A glance at the map of Syria, showing three American boarding-schools for girls on the Syrian coast, within a distance of seventy miles, has led some to criticize a policy of such educational concentration. But the explanation is easy. Each of these schools has been a providential growth. The Syrian people can best be reached through village schools. Schools are an entering wedge, and open the way for the Church and the organized Protestant community. But these schools must have teachers, and the girls' schools must have teachers from the villages where they are opened. To meet this need and to train educated wives for Protestant men, there must be boarding schools. Dr. De Forest opened the first girls' boarding school in Syria. On his departure, the Board sent Miss Temple and Miss Johnson, who transferred the school from Beirut to Suk el Gharb in 1858. The massacres of 1860 broke up the school, and the same circumstances which made it impolitic to reopen the school in Lebanon demanded its opening in Sidon. Miss Johnson having returned to America, Miss Mason came in her place, and as the Civil War in America had crippled the funds of the Board, Miss Mason was directed to open, in October, 1862, a day-school in Sidon, and girls from the outlying villages, in attendance, were to board in the families of native Protestants in the city at the expense of the mission.

Miss Mason resigned in 1865, having had the aid of Mrs. W. W. Eddy, and Mrs. Ford in carrying on the school. The mission then decided to place the school wholly in charge of a Syrian principal and teachers, under the supervision of Mrs. Eddy. This was a pet object with those who originated the Beirut Female Seminary, and the Syrian Protestant College. It succeeded in Beirut Seminary for six years and then failed' as the rarely gifted Syrian preceptress, Miss Rufka Gregory, had no successor, and Miss E. D. Everett was called to take her place. It was in reality never tried in the Syrian Protestant College nor could it have been tried.

As the American Board were loath to send another American in Miss Mason's place, this plan of a Syrian principal was triedBut in the fall and winter of 1867, Mrs. H. Watson, an English lady of long experience as a teacher, and her Syrian adopted daughter, Miss Handumeh Shekkur Watson, took charge of the school. Afterwards it was conducted by Misses Jacombs and Stainton, English ladies, from 1871 to July, 1876. These ladies were supported by the then prosperous "Society for the Promotion of Female Education in the East." The courtesy shown by this society in supplying Sidon Seminary so long was fully appreciated.

Meantime the hope of placing it under a Syrian principal and staff was abandoned. In October, 1876, Miss Harriette M. Eddy, having completed her education in the United States and returned as an appointed missionary, took charge of the school. She continued in it for twelve years, until her marriage to Rev. F. E. Hoskins, August, 1888. During this period she had been assisted by Misses M. M. Lyons (1877-1880), E. Bird, B. M. Nelson (1881-1885), S. Ford (1883), Rebecca Brown (1885-1892), Charlotte Brown (1885). On the return of Miss R. Brown to America in 1892, Miss Ellen M. Law came to the school, and was followed in November, 1893, by her sister, Miss M. Louise Law. In 1892-1893, Miss M. T. M. Ford taught in Sidon Seminary, Mrs. Gerald F. Dale, Jr., in 1893-1894, Miss F. M. Jessup for the year (1901) and in December, 1902, Miss Horne came to Sidon and remained there nearly two years. The school is now (1908) under the charge of Misses Charlotte Brown and Louise Law.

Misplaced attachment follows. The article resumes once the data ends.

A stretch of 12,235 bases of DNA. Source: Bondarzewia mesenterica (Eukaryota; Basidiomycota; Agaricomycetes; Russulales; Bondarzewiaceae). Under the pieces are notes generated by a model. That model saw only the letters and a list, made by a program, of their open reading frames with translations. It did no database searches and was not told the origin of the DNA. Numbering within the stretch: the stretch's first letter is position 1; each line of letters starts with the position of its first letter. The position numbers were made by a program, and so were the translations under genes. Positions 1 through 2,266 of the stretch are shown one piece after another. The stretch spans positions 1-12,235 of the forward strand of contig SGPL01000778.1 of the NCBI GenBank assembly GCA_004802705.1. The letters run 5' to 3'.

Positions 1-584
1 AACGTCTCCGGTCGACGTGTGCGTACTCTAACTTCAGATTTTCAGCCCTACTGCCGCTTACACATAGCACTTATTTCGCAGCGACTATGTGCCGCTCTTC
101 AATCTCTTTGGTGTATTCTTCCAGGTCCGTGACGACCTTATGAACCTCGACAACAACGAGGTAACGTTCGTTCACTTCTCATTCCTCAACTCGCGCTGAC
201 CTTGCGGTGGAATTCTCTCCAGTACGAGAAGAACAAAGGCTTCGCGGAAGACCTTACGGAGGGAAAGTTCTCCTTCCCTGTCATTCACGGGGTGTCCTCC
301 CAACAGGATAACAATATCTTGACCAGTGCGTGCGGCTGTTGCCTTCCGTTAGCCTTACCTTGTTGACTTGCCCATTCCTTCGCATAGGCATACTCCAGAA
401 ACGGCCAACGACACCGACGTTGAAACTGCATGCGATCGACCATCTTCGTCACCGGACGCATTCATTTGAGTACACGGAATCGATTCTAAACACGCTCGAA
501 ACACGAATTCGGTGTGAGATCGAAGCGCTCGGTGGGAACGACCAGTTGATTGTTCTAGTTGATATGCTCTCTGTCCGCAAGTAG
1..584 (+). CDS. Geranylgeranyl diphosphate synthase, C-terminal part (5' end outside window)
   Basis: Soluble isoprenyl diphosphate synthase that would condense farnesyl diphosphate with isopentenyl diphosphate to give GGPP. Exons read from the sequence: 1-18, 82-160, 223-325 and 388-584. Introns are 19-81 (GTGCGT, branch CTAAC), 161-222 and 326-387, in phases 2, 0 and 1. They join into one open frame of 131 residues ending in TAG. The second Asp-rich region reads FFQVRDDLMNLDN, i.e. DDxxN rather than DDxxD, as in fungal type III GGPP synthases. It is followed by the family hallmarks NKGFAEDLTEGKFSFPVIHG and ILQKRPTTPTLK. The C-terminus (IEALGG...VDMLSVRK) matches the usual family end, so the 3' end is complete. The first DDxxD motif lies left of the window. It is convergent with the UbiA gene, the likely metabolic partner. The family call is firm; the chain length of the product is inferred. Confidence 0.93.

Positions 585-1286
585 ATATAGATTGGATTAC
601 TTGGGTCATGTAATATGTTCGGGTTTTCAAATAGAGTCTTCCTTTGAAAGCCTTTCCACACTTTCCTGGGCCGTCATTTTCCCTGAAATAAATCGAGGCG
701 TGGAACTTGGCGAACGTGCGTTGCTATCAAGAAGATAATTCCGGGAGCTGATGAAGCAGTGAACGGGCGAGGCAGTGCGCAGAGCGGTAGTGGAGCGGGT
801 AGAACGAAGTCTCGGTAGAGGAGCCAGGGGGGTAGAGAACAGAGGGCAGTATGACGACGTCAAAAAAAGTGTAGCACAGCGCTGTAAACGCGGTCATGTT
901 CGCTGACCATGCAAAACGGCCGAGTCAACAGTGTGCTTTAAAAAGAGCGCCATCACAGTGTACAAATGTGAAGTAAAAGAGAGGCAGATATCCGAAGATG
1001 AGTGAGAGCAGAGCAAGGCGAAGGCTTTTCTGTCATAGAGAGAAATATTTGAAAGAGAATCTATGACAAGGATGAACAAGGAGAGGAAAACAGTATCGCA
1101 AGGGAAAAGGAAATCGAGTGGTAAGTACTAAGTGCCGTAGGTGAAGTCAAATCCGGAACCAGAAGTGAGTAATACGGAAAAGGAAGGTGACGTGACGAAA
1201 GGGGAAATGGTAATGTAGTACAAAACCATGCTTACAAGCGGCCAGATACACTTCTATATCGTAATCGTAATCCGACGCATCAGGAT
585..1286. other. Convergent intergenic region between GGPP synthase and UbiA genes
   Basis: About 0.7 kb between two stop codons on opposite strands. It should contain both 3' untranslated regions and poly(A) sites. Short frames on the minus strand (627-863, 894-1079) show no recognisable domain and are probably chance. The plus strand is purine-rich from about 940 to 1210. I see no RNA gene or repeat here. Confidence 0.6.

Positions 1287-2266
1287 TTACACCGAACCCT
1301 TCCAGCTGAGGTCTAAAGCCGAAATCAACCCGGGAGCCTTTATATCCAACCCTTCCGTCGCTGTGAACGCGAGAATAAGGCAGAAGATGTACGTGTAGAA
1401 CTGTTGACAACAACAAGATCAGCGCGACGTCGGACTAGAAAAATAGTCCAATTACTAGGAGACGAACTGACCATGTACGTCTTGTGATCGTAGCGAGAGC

It now has about fifty boarding pupils, and quite a number of day scholars. In its curriculum it has vibrated between a purely vernacular basis and a broader one teaching the English language. It has aimed at admitting only Protestant girls, whether paying pupils or not, and its graduates form now the best element in the Christian womanhood of the whole mission field east and south of Sidon, in scores of villages and hundreds of homes. It does not aim at as high a standard of the Beirut Seminary, and its graduates often enter the Beirut "Teacher's Class," to fit them as first-class teachers, but it gives a solid and substantial education.

It must be remembered that Syria has no public schools. The only government schools virtually receive only Moslem children, and exclude the Christian sects. The system is narrow, bigoted and short-sighted, intended to bolster up Islam, and ignore Christianity. "While nominally for all sects, yet probably not more than one per cent of their pupils are from the Oriental Christian sects." (the London Times, January, 1905). [The programme of the new liberal government includes common schools for all and universal education.]

Every Christian sect is, therefore, forced to educate its own children, and thus the children of the various sects in the empire grow up ignorant of each other, and the ancient racial and religious hatreds are perpetuated. Protestant schools open their doors to all. Yet the authorities, fearing the light, threaten all Moslem children attending Protestant schools. As a rule the Protestant schools are so much better than others, that they are crowded with pupils of all sects. An educated Protestant young woman in a village, teaching the children, teaches the mothers as well, and becomes the counsellor and guide of all, respected and beloved. Each village school becomes a fountain of light and blessing.

Sidon school has thus far educated 566 boarders and seventy-eight day pupils in the upper department. Of these, 190 are known to have united with the Church; and of these, about 140 of the graduates have become teachers in Syria, Palestine, and Egypt.

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